Somali Youth Learners Initiative

Funding Level:
$39 million
September 2011 – September 2016
Activity Goals:
  • Improve enrollment and academic performance of students in secondary schools
  • Increase access to secondary education through construction and rehabilitation of schools
  • Enhance quality of secondary education through trainings for current and future teachers
  • Improve Ministries of Education and local communities’ management of secondary education
  • Increase opportunities for youth to contribute productively to society
Activity Accomplishments:
  • 176 classrooms built or repaired
  • 262 other structures built or rehabilitated (latrines, hand washing stations, water tanks, office blocks, perimeter fencing)
  • 16,556 new students (of which 31% are female) enrolled in 34 secondary schools
  • 494 teachers completed in-service training
  • 382 youth completed business skills training; 156 youth received business startup grants
  • 300 youth benefitted from apprenticeship/internship program
  • 13,850 youth participated in civic participation activities
Implementing Partner:
Mercy Corps
Key Partners:
Ministries of Education
Community Education Committees
Activity Locations:
South Central Somalia

USAID’s Somali Youth Learners Initiative (SYLI) aims to support the next generation of Somali leaders by expanding access to quality secondary education opportunities for over 160,000 youth. Through SYLI, the Federal Government of Somalia and regional Ministry of Education officials receive support in strengthening secondary education, teachers participate in trainings to enhance their classroom skills, and youth gain access to economic opportunities, enabling them to become responsible members of society that contribute to their communities.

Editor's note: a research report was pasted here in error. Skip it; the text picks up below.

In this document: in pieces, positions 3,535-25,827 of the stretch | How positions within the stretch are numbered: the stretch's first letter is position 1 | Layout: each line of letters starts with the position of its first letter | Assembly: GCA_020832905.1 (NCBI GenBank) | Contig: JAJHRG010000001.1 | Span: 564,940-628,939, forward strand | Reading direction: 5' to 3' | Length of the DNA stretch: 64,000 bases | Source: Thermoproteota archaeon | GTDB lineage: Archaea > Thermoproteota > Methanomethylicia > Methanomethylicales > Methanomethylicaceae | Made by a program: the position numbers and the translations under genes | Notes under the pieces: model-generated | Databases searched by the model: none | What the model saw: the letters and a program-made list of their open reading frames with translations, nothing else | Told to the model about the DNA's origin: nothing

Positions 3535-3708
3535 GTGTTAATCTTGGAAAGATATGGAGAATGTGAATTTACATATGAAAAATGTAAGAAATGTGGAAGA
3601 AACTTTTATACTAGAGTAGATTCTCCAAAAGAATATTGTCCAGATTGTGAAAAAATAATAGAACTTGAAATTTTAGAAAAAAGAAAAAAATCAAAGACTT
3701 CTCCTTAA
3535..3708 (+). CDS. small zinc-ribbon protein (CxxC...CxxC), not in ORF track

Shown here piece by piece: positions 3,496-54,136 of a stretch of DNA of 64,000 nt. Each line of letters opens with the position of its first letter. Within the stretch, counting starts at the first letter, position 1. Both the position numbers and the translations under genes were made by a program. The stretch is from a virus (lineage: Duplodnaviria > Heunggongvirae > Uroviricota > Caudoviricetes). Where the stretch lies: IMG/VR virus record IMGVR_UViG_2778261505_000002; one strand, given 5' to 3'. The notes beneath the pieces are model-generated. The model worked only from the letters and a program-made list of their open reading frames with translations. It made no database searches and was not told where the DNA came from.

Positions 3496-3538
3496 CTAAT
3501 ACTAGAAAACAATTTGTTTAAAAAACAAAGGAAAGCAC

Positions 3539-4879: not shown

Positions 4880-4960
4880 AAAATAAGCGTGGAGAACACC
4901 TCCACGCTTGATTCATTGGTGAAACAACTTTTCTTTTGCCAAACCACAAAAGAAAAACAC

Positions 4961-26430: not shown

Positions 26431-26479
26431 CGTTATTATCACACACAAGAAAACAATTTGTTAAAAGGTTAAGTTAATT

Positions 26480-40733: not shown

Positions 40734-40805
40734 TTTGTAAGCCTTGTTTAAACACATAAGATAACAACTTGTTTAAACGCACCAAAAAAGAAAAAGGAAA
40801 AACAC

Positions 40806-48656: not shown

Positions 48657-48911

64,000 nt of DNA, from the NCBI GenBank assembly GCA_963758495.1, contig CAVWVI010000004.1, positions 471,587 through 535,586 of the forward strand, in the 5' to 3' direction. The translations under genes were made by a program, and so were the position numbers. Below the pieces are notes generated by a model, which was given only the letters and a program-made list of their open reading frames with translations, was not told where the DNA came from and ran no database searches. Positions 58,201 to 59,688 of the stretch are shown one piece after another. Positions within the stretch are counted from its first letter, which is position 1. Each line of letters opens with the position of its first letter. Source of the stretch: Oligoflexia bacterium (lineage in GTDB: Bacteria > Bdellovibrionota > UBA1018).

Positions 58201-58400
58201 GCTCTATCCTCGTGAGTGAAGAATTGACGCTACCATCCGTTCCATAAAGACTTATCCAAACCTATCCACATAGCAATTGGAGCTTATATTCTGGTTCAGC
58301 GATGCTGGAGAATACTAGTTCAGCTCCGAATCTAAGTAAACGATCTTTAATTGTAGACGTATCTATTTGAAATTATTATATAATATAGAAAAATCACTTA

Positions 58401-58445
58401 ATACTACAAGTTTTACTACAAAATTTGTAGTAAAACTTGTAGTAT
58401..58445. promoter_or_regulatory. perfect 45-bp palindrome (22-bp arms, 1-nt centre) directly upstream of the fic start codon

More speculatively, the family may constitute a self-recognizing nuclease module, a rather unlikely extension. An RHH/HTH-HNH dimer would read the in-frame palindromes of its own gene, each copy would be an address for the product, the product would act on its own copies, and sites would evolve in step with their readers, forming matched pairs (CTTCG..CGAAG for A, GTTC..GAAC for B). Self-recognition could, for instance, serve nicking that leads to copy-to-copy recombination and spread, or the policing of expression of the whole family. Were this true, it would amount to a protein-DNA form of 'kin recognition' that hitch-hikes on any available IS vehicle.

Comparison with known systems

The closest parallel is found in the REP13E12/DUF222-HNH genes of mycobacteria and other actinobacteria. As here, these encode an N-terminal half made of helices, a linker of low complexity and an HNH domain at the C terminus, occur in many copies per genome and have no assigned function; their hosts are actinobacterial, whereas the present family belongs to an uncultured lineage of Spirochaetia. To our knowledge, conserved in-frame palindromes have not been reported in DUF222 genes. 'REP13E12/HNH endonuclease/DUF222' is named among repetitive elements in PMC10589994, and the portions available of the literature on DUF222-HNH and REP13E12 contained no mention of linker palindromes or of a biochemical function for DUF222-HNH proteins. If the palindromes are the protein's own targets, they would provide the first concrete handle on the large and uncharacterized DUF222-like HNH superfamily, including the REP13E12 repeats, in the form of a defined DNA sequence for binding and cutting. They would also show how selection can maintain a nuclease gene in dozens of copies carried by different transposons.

In Somalia, youth comprise the majority of the population. However, many lack basic education, employment opportunities, and a meaningful connection to the issues and governance of their community. Only 42% of children are enrolled in primary school, and of an estimated population of two million youth aged 15-24, only 6% are enrolled in secondary school. Youth unemployment in Somalia is estimated at 67%, one of the highest rates in the world.
In Somalia, SYLI aims to meet the high demand for education and provide a safe space for young people to learn and acquire life skills. Across all regions of Somaliland and Puntland, as well as Galmudug and Mogadishu, SYLI provides an array of opportunities to youth, including formal and non-formal education that promotes literacy and numeracy, skills training and entrepreneurship that builds economic survival, and leadership and conflict resolution training that strengthens civic participation and social cohesion. Throughout these efforts, SYLI promotes equal participation of boys and girls. SYLI also develops the capacity of Ministry of Education officials to provide fair, equitable, and safe education services to Somali youth, and develops the capacity of local Community Education Committees to sustain these investments.